Some patients have bleeding/passing of slough (debris) from the bladder lining after each treatment. If this happens please increase your fluid intake and let the person know who is giving you the treatment. They will advise you of what action (if any) to take.

You may experience ‘flu-like’ symptoms sometimes with a raised temperature. this should settle in 2 to 3 days. Taking regular pain relief, such as paracetamol will help ease the symptoms.

If you have any other unusual symptoms please ask for advice from the nurse giving your treatment or contact your GP. This treatment is not normally given to pregnant or breastfeeding women.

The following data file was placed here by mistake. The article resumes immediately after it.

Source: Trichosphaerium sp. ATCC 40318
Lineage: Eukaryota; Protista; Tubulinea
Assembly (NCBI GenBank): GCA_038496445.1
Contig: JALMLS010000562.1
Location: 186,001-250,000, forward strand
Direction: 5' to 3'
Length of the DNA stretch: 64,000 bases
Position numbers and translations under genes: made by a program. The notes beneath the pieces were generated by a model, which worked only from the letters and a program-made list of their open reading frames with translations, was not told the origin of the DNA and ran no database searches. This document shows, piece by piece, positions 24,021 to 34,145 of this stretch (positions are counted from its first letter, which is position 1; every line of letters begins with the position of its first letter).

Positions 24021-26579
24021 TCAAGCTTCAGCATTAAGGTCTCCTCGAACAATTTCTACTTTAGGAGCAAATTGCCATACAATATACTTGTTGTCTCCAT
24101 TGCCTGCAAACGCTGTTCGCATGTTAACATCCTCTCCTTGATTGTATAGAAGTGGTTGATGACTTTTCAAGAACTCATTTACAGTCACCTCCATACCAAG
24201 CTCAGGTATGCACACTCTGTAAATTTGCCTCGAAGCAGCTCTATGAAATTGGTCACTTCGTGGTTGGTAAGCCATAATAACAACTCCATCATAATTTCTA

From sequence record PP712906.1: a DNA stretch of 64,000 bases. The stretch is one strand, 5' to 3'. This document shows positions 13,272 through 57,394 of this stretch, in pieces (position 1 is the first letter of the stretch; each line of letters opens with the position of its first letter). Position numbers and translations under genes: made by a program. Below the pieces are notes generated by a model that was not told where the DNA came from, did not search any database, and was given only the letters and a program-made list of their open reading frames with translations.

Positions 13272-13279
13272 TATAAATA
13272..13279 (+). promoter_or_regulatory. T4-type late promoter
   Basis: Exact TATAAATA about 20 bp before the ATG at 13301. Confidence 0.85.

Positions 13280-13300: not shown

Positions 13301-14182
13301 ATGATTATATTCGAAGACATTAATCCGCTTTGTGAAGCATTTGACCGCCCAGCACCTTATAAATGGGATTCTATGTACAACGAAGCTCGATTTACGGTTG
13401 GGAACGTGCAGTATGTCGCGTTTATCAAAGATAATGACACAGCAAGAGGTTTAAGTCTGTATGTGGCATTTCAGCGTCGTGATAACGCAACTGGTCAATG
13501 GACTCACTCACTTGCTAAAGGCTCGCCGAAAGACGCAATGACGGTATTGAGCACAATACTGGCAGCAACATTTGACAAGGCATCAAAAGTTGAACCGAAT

If you have any further questions or problems before, during or after your course of bladder immunotherapy, please contact your Urology Nurse Practitioner or allocated Cancer Nurse Specialist on the numbers below:

Urology Nurse Specialists

Tel: 0300 422 5193

Tel: 0300 422 3640

Tel: 0300 422 6911

Monday to Friday, 8:00 am to 4:00 pm

Uro-oncology Cancer Nurse Specialists

Tel: 0300 422 6672

Tel: 0300 422 4336

Tel: 0300 422 6913

Monday to Friday, 8:00 am to 4:00 pm

Gloucestershire Hospitals Switchboard

Tel: 0300 422 2222

When prompted ask for the operator or your consultant’s secretary. They are available Monday to Friday, 8:00 am to 4:00 pm.


Further information

Macmillan Cancer Support

Printable version of this page

BCG/Oncotice treatment for bladder cancer Department: Urology Review due: June 2025 PDF, 162.0 KB, 4 pages
Reference number GHPI1725_06_22
Department Urology
Review due June 2025